Break the Cycle, a nonprofit organization whose mission is to help teens who are victims of dating violence, is working with Liz Claiborne to be a resource for teachers and students who may need help with an abusive situation. A new survey on teen dating abuse and violence reveals that significant numbers of teens across America are experiencing rampant emotional, verbal, sexual and physical abuse in their dating relationships. The problem gets worse as teens get older and involved in more serious relationships. Startling numbers of teens in serious relationships also report accepting disturbing controlling behavior by their partners. The reports of abuse extend across suburbs and cities, all ethnic groups and regions; yet teens in the South and the Midwest report abuse in greater numbers then other regions. To address the pervasiveness of teen dating abuse and violence highlighted in the survey, Senators Mike Crapo and Hillary Rodham Clinton held a press conference today with Liz Claiborne Inc. to underscore the need to educate teens about this problem through programs like Liz Claiborne’s teen violence and abuse curriculum.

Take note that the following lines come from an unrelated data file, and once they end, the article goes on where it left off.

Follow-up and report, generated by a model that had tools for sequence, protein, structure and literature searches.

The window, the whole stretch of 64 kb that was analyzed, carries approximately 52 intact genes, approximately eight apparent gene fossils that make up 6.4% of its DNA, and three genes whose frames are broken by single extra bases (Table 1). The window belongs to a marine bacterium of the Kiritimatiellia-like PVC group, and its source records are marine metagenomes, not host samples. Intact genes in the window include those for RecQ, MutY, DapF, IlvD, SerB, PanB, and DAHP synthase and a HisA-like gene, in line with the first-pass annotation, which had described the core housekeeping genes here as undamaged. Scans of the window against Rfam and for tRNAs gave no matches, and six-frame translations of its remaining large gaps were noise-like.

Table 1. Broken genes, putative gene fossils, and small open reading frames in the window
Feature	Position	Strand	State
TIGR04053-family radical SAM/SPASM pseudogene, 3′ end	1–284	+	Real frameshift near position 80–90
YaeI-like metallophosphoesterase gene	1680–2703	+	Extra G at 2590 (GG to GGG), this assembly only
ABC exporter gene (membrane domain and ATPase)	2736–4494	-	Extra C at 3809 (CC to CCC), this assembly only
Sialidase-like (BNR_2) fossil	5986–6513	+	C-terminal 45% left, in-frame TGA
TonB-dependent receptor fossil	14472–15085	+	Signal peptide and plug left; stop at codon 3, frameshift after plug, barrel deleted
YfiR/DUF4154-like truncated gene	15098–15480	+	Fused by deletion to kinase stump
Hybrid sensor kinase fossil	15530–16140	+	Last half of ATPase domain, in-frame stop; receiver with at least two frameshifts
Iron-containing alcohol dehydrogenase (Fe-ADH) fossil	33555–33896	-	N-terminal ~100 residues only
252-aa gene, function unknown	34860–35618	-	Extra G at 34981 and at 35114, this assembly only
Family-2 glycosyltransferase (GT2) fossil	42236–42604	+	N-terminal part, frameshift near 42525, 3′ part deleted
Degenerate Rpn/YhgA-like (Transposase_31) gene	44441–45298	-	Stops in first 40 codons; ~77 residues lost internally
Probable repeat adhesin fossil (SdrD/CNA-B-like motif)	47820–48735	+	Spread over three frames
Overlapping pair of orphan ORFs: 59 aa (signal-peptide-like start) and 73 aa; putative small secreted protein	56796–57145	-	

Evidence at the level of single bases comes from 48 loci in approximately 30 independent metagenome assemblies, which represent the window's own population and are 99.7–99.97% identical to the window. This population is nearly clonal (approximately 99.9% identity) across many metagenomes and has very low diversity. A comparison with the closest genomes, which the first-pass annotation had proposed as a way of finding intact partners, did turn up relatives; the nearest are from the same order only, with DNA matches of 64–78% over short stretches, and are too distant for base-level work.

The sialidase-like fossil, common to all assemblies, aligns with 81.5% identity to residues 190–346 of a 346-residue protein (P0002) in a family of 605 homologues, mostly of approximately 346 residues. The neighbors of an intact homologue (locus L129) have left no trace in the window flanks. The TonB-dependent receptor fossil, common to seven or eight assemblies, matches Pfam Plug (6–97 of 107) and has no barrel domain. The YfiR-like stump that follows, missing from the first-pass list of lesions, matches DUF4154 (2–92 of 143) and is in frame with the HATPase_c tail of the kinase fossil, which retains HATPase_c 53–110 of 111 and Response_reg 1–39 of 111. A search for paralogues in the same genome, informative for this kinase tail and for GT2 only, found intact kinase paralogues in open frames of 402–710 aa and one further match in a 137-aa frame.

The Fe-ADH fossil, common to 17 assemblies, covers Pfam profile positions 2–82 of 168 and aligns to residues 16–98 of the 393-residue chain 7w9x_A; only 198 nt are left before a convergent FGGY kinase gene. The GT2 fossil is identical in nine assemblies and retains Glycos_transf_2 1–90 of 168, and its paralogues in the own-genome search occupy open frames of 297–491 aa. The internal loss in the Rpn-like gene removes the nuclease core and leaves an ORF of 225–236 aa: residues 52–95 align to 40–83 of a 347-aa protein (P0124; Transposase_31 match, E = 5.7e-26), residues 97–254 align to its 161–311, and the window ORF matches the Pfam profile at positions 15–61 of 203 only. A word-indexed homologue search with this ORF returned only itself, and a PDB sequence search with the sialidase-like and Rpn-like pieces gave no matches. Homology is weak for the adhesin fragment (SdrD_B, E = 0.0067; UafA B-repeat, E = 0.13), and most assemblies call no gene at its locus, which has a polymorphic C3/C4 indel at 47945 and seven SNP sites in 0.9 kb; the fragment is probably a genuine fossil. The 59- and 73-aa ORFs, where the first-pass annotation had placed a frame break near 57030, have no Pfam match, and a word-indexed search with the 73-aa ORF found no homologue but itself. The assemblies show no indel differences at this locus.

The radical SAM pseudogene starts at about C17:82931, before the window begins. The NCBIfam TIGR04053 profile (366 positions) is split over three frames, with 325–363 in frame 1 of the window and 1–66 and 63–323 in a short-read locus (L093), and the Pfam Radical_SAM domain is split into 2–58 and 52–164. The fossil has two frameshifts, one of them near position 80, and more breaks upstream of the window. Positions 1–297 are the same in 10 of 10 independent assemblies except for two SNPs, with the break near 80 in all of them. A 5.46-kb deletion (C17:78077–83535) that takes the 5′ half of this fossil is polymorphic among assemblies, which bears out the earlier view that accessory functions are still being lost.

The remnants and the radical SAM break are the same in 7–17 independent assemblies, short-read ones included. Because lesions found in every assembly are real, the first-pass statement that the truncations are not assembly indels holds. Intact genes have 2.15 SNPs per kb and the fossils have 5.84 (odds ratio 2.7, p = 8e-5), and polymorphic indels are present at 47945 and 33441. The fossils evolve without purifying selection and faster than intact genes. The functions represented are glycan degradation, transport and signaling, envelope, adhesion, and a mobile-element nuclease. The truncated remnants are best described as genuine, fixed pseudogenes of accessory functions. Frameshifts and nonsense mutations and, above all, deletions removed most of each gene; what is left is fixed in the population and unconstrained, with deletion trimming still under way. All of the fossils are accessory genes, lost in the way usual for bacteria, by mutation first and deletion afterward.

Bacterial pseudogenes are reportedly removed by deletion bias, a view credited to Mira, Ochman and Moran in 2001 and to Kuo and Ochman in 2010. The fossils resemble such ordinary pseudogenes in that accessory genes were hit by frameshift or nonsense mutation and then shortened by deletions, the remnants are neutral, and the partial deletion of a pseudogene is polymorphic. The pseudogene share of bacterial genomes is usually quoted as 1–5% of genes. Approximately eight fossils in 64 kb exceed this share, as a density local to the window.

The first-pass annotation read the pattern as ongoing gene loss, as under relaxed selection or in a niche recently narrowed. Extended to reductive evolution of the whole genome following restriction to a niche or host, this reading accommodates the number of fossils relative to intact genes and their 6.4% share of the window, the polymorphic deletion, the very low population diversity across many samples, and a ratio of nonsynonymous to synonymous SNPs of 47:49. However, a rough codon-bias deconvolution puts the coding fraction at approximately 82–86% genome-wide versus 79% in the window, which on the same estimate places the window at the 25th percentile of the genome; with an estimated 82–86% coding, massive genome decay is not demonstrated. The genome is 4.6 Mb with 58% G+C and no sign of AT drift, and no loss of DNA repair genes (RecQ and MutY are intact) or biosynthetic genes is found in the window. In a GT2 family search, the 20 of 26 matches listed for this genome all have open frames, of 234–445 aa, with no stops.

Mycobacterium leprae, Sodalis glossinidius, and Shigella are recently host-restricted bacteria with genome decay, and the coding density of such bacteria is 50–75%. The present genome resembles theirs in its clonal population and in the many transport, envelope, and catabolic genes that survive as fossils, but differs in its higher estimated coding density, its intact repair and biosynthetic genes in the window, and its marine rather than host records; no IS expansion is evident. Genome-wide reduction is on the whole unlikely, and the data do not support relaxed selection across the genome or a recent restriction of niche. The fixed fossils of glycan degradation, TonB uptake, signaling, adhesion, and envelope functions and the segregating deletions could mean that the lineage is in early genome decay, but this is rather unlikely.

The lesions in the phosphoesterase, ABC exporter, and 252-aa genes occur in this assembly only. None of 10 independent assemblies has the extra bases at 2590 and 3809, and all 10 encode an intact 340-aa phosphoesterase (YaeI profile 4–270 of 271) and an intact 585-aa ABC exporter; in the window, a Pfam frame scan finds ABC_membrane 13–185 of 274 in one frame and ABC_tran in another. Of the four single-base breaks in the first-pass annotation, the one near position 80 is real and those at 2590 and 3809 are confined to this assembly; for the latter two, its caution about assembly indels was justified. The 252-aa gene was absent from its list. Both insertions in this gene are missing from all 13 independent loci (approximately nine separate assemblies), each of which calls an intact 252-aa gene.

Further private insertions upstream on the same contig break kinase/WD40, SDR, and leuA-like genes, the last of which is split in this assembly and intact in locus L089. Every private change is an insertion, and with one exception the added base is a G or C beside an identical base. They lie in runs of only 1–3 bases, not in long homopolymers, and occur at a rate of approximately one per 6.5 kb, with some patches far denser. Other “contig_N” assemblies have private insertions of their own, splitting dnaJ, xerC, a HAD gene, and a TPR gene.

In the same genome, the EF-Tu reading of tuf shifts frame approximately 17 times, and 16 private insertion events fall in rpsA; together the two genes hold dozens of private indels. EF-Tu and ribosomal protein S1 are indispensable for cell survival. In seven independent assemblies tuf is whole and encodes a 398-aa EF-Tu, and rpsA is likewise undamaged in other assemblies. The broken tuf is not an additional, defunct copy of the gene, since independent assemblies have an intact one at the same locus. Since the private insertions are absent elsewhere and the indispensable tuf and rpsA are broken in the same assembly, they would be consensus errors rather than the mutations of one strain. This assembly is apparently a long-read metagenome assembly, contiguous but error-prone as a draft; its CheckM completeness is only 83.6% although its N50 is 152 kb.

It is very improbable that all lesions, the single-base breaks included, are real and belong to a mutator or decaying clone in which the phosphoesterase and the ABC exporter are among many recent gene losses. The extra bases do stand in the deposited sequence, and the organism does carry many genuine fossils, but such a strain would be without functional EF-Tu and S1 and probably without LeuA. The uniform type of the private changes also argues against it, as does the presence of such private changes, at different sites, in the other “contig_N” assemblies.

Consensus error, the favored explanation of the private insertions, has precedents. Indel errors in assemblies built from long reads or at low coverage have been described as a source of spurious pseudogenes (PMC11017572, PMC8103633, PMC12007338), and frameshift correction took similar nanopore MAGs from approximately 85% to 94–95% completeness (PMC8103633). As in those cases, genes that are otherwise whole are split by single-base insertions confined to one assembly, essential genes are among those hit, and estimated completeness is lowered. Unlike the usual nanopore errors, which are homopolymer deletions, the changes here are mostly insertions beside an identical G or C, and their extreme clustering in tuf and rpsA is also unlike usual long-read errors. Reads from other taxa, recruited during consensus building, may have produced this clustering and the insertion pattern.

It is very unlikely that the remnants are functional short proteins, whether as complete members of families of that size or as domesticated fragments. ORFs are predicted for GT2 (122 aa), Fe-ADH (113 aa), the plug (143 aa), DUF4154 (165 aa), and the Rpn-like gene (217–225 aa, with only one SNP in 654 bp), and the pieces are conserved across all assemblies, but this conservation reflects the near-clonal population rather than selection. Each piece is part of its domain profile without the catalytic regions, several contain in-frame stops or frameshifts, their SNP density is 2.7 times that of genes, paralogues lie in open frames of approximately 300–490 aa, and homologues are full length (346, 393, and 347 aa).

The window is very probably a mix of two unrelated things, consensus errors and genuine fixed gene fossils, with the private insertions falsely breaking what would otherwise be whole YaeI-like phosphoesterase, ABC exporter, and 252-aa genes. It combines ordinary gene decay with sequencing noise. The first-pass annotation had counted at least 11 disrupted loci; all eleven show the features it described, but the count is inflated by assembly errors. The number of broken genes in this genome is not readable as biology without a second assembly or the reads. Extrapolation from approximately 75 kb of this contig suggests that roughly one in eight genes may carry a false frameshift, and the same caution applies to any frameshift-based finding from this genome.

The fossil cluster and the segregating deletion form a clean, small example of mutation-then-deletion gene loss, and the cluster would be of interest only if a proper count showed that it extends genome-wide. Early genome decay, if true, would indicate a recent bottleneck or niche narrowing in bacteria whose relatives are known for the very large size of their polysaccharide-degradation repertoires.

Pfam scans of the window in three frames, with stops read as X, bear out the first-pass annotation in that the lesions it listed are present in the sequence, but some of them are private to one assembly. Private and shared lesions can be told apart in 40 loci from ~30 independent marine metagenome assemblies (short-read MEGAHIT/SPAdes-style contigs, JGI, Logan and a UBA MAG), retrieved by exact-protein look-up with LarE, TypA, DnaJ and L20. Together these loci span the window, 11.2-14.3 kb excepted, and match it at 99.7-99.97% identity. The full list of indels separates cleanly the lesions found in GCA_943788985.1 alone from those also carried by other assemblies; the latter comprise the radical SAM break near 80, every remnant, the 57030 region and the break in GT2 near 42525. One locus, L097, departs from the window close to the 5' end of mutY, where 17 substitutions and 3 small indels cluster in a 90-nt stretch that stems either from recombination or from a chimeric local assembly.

The recent survey on teen relationships was conducted by Teenage Research Unlimited (TRU) and commissioned by Liz Claiborne Inc. Teens surveyed ranged from 13-18. The research shows deep and troubling evidence that significant numbers of today’s teens are not only victims of dating abuse, but are accepting it as normal. Many teens face tremendous pressure to have and keep relationships, particularly if it is “serious”. Teens in serious relationships report—often by a 2 to 1 margin—more abuse, controlling, and even violent behavior compared to other teens. In fact nearly 1 in 5 teens who have been in a serious relationship said their boyfriend or girlfriend would threaten to hurt themselves or their partner if there were a break-up and 1 in 3 teens who have been in a serious relationship report that sex is expected.